Higher intensity walking may lower risk of knee replacement in people with OA

Patients with knee osteoarthritis who walk at a moderate-to-vigorous intensity may lower their risk of total knee arthroplasty, or joint replacement surgery, according to new research findings presented this week at the 2018 ACR/ARHP Annual Meeting.

Össur Unloader One knee brace

Monica McDonald, Newswise 16 October 2018

Osteoarthritis (OA) is a common joint disease that most often affects people in middle age or later. OA is a painful disease that affects the entire joint, involving the cartilage, joint lining, ligaments and bone. OA is characterized by the breakdown of the cartilage (the tissue that cushions the ends of the bones between joints), bony changes of the joints, deterioration of tendons and ligaments, and various degrees of inflammation of the joint lining (called the synovium).

This study was conducted to help answer the question: Does walking more increase a patient’s risk of structural worsening in the knee joint and total knee arthroplasty (TKA)? One reason for prior inconsistent, contradictory evidence in this area is that patients may walk at different intensities. Researchers at the University of Delaware conducted a study to learn more about the association of walking intensity with TKA risk over a five year period in adults with or at high risk of knee OA.

“We wanted to know if walking was helpful or harmful for getting a knee replacement for people who have knee OA,” said Hiral Master PT MPH, a PhD candidate in biomechanics and movement science at the University of Delaware and the study’s co-author. “Walking may exacerbate knee pain and further make things worse, but on the other hand, walking is helpful to build and maintain strength, and may prevent the development of difficulty functioning.”

The study used data from the Osteoarthritis Initiative (OAI), and included participants who did not have TKA at or before a 48-month follow-up visit. The researchers quantified time spent in different walking intensities by step cadence recorded by an accelerometer. They defined less than one step/minute as non-walking, 1-49 steps/minute as very light walking, 50-100 steps/minute as light walking, and more than 100 steps/minute as moderate to vigorous walking.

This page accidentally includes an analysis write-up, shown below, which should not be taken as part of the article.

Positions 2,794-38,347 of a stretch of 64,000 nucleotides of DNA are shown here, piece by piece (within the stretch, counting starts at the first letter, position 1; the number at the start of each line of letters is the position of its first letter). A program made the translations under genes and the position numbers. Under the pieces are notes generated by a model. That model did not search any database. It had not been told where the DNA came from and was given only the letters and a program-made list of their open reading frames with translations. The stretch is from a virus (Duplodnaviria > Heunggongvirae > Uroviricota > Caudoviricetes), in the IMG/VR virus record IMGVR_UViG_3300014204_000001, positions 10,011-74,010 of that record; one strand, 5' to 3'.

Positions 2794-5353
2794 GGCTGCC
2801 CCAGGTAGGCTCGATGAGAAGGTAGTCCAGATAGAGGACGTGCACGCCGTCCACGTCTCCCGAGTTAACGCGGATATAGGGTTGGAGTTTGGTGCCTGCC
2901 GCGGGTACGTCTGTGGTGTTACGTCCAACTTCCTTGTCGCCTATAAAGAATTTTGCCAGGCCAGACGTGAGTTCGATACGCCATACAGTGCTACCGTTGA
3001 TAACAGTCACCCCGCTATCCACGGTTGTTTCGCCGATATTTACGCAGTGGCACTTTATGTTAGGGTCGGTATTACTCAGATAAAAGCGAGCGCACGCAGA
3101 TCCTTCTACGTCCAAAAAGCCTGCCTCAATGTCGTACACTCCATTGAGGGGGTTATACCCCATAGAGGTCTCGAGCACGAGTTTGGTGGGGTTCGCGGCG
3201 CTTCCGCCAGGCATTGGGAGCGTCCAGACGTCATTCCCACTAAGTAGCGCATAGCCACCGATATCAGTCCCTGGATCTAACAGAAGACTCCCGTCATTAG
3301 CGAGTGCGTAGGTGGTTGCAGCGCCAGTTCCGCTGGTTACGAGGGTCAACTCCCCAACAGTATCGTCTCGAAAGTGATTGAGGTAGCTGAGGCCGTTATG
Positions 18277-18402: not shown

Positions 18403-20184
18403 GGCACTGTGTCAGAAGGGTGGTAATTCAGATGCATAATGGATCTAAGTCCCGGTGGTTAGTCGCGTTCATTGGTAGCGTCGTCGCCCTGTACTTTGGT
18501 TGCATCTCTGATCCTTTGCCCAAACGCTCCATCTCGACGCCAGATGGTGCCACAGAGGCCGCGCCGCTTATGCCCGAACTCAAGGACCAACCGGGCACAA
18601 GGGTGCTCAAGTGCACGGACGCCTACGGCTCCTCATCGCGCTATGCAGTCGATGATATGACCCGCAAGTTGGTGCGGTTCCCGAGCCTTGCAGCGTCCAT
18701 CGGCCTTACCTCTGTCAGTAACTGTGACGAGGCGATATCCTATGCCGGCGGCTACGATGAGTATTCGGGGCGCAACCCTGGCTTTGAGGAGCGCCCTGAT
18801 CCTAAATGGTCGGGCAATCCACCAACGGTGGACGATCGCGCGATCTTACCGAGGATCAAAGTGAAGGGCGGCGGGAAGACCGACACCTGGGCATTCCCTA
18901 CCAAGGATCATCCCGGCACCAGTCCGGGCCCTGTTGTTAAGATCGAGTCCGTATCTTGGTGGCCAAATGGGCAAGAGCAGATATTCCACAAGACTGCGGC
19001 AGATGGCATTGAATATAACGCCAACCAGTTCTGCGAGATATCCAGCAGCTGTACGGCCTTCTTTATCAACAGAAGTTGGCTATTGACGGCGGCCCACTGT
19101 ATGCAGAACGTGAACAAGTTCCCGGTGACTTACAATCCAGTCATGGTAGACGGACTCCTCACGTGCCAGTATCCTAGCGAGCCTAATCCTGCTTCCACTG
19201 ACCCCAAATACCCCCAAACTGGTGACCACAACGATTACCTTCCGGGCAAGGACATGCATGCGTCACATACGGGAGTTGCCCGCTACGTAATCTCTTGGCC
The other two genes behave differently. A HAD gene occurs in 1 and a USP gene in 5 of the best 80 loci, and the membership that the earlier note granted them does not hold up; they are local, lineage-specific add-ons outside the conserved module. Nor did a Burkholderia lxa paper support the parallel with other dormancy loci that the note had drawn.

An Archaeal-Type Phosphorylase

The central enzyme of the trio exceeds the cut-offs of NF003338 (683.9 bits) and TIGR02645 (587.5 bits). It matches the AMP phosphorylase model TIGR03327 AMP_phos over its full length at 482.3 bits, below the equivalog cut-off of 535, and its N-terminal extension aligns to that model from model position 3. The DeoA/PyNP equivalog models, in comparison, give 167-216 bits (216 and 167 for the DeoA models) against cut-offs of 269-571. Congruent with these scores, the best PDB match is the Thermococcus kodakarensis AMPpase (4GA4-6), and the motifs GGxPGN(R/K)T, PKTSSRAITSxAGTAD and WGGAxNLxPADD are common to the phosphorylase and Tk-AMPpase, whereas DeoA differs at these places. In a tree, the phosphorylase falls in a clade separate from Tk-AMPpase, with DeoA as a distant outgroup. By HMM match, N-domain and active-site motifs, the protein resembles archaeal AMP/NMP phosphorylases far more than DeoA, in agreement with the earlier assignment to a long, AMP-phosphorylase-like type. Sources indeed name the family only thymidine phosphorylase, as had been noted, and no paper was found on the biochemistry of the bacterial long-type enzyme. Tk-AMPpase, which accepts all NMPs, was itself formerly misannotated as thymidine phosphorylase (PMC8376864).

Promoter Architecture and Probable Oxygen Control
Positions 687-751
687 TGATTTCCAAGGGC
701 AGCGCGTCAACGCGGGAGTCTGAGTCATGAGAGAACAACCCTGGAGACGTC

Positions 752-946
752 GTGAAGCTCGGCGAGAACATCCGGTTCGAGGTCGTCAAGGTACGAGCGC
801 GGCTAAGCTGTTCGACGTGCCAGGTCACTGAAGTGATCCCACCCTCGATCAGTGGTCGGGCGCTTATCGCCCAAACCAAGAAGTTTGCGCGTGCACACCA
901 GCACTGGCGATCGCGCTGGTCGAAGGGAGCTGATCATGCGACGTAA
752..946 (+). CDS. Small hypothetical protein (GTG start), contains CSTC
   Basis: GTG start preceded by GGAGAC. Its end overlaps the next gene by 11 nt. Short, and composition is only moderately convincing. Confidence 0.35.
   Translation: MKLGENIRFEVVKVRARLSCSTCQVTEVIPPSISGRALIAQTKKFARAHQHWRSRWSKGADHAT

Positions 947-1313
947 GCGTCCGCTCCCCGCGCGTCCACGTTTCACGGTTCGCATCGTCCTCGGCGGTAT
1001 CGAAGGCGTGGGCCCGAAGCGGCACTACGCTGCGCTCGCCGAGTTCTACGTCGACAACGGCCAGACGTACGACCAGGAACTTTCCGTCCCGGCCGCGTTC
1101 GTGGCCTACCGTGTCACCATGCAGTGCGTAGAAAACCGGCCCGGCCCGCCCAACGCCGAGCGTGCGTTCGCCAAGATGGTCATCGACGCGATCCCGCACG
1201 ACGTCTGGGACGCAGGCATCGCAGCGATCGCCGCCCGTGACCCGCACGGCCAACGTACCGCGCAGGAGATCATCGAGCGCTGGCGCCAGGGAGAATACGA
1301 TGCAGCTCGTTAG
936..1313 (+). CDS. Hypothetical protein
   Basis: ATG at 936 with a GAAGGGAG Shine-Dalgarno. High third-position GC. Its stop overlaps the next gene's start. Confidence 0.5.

They quantified time to TKA in months from the baseline visit date to the surgery date if it occurred in the subsequent five years, or at the 108-month visit. Any participants who did not have TKA at the 108-month visit or who were lost to follow-up were censored. The researchers examined the effects of replacing time spent not walking with walking at either very light, light or moderate-to-vigorous intensities with TKA risk over five years. They also repeated these analyses on just participants with radiographic and symptomatic knee OA.

At baseline, there were 1,854 participants without TKA who wore their accelerometer for at least four out of seven days. They had a mean age of 65 years, a mean body-mass index (BMI) of 28.4 and 55 percent were female. Over five years, 108 participants received a TKA. Those participants who replaced five minutes per day of non-walking time with five minutes per day of walking at moderate-to-vigorous intensity reduced their risk of TKA by 16 percent, the study’s findings showed. Very light and light intensity walking had no effect. Similar results were found when the researchers analyzed samples of patients with radiographic and symptomatic knee OA.

“Our findings suggest that small changes in walking behavior may delay the need for TKA in people with or at high risk of knee OA. Clinicians should consider encouraging their patients with or at high risk of knee OA to go for a brisk walk for five to 10 continuous minutes each and every day,” said Master.

This research was supported by the National Institutes of Health.

Friend or Foe: Does Walking at Higher Intensities Increase or Decrease the Risk of Total Knee Arthroplasty over Five Years? [abstract]. Master H, Thoma L, Christiansen M, Mathews D, Macri E, Ziegler M, Stefanik JJ, White D. Arthritis Rheumatol. 2018; 70 (suppl 10). Abstract #1166 2018 ACR/ARHP Annual Meeting. October 19-24, 2018 in Chicago

Source Newswise

Physical activity status by pain severity in patients with knee osteoarthritis: a nationwide study in Korea, Hye-Young Shim, Mira Park, Hee-June Kim, Hee-Soo Kyung and Ji-Yeon. BMC Musculoskeletal Disorders 2018 19:380 https://doi.org/10.1186/s12891-018-2301-6

Also see
Brisk Walking Delays Knee Replacement and Why Does Knee Pain Increase at Night? in ThurstonTalk
Brisk walks may decrease need for replacement of arthritic knees in UPI
Patients Who Introduce Moderate-to-Vigorous Intensity Walking May Avoid Total Knee Replacement in MD Magazine
OA bracing: Longer use does not impair strength in Lower Extremity Review
Total Knee Replacement in Ortho Info

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